Cigarette smoking and long-term alcohol and drug treatment outcomes: A telephone follow-up at five years
Carolynn S. Kohn: 0000-0002-2156-4898
American Journal on Addictions
This prospective study examined the relationship between cigarette smoking and five‐year substance abuse treatment outcomes. Of 749 individuals who began private outpatient treatment, 598 (80%) were re‐interviewed by telephone at five years. At five‐year follow‐up, 53% reported smoking cigarettes in the prior 30 days. Smokers were less likely to be abstinent from alcohol and drugs in the prior 30 days (48.3% vs. 64.0%), and had higher Addiction Severity Index (ASI) scores in employment, alcohol, drug, psychiatric, and family/social problems; worse self‐reported health; and greater self‐reported depression. Findings inform understanding of long‐term substance abuse treatment outcomes and potential service needs of smokers.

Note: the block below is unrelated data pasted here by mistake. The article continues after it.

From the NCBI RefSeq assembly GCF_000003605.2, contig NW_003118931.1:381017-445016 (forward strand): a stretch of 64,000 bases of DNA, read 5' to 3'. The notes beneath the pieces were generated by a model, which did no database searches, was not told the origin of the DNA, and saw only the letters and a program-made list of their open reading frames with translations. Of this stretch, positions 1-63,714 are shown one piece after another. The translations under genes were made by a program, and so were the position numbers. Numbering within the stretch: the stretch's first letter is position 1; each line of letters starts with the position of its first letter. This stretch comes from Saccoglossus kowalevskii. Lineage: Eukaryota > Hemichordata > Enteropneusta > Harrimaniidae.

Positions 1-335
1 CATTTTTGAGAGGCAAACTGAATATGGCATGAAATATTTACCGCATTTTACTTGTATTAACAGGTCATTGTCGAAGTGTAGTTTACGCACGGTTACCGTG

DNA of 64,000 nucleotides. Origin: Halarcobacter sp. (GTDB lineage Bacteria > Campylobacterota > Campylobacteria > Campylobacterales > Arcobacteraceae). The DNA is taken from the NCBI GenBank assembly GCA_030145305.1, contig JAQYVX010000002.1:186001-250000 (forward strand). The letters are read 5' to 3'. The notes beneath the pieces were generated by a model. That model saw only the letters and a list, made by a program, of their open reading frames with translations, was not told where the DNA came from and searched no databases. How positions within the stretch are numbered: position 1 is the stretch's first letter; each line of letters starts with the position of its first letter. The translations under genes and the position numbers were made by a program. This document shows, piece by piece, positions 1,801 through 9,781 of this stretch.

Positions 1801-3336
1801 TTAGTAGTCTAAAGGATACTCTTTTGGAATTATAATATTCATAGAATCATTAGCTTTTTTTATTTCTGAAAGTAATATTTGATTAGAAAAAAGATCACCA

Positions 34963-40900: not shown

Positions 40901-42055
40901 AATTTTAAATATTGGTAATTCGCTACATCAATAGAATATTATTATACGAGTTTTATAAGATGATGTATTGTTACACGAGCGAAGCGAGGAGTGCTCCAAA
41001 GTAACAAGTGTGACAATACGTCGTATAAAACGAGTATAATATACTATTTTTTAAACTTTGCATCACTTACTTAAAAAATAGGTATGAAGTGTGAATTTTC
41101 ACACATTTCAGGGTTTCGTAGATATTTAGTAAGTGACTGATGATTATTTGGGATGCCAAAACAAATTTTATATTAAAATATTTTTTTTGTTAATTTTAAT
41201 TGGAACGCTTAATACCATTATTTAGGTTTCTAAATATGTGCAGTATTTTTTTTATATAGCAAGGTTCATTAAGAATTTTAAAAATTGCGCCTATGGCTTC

Satre, D. D.,
Kohn, C. S.,
Weisner, C. M.
Cigarette smoking and long-term alcohol and drug treatment outcomes: A telephone follow-up at five years.
American Journal on Addictions, 16(1), 32–37.